EV charging startup Electra secures $330 million

It’s not often that you see a $300 million+ Series B round that is entirely in equity. And yet, Paris-based startup Electra just raised a $330 million (€304 million) Series B round.

Electra is an electric vehicle charging company building a network of charging stations in France and other European countries. Right now, the company has 172 active charging stations (with several charging points per station) and is in the process of rolling out another 105 stations.

Those 172 charging stations represent nearly 1,000 charging points. You can usually find them in supermarket parking lots, in front of hotels or at highway rest areas. The company has also partnered with Toulouse’s airport to build some charging stations there.

What makes Electra stand out from other EV charging networks is that it focuses exclusively on fast-charging stations. It also develops its software stack in house so that the company’s app works well with the company’s charging stations.

And this unlocks some interesting features. For instance, Electra knows the status of its charging stations in real time. Customers can know for sure that there’s an available spot when they’re driving toward a charging station.

In addition to that, customers can reserve a charging point in advance if there are just a handful of charging points available. Electra charges from €0.39 per kWh to €0.52 per kWh in France, depending on the charging speed that you request.

As you might expect, building an EV charging network is expensive. And this new funding round will be used to deploy more charging stations. Electra believes that it can roll out 15,000 charging points across 2,200 stations by 2030.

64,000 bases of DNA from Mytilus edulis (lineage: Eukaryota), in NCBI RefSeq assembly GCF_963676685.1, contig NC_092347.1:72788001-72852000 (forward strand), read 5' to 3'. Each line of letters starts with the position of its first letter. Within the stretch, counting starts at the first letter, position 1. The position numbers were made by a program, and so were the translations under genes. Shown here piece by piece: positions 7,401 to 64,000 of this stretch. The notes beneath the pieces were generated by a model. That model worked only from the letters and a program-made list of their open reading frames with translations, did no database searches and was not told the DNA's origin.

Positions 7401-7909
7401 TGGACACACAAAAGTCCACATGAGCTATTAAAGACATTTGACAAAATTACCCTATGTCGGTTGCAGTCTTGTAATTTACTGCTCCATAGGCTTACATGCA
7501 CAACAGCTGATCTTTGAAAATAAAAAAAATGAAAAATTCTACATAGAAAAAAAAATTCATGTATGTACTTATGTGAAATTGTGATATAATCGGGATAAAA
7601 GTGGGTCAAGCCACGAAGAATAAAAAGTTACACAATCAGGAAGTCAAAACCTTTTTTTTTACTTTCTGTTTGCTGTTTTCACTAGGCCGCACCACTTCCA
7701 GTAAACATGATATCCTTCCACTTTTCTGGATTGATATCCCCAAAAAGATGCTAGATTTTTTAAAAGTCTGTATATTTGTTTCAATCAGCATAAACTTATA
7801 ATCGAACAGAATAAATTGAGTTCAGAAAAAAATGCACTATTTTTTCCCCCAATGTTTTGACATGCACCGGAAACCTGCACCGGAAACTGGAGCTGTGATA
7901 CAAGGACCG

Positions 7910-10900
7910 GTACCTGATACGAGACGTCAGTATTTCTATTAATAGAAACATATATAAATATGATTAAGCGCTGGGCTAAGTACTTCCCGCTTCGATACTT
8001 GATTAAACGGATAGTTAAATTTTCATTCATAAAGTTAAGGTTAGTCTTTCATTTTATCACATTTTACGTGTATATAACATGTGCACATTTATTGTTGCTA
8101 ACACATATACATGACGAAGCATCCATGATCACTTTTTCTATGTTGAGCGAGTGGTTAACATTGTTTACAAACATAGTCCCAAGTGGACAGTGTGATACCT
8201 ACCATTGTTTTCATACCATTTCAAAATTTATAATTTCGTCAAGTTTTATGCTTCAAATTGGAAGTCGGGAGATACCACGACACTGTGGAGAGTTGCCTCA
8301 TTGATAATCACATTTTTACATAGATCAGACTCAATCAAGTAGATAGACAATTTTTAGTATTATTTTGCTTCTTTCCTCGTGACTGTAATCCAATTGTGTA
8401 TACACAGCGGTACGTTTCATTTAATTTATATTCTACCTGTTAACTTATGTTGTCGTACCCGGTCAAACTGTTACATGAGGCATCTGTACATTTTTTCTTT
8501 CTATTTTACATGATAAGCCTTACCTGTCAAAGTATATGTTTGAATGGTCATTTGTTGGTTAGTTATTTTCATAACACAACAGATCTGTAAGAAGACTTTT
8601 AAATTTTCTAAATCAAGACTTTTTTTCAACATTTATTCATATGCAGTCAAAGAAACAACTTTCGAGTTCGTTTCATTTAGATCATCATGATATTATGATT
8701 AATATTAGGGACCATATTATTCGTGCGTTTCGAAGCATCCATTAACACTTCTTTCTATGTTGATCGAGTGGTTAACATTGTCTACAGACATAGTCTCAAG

PGGM, a Dutch pension fund service provider, as well as Bpifrance’s Large Venture fund are leading the funding round. Existing investors Eurazeo, RIVE Private Investment, the SNCF group through 574 Invest and Serena are participating once again.

And as a reminder, Electra also previously raised money from EIP in Switzerland, RATP Capital Innovation, CDC’s Banque des Territoires, Ademe Investissement, Eiffel Investment Group, RGreen Invest, Frst, Allianz, Groupe Chopard and Altarea. Overall, there are quite a few big infrastructure players or public financial institutions on Electra’s cap table.

Electra competes with Ionity, another European EV charging startup based in Germany that raised a €700 million round a couple of years ago. There are other EV charging pure players around the world, such as EVPassport in North America, which recently raised $200 million.

While these companies are infrastructure plays, it’s interesting that they’re raising equity rounds. Usually, startups with huge capital requirements try to secure a credit line with a financial partner to kickstart the projects. But in the EV charging world, it sounds like infrastructure funds want a financial stake in these companies.


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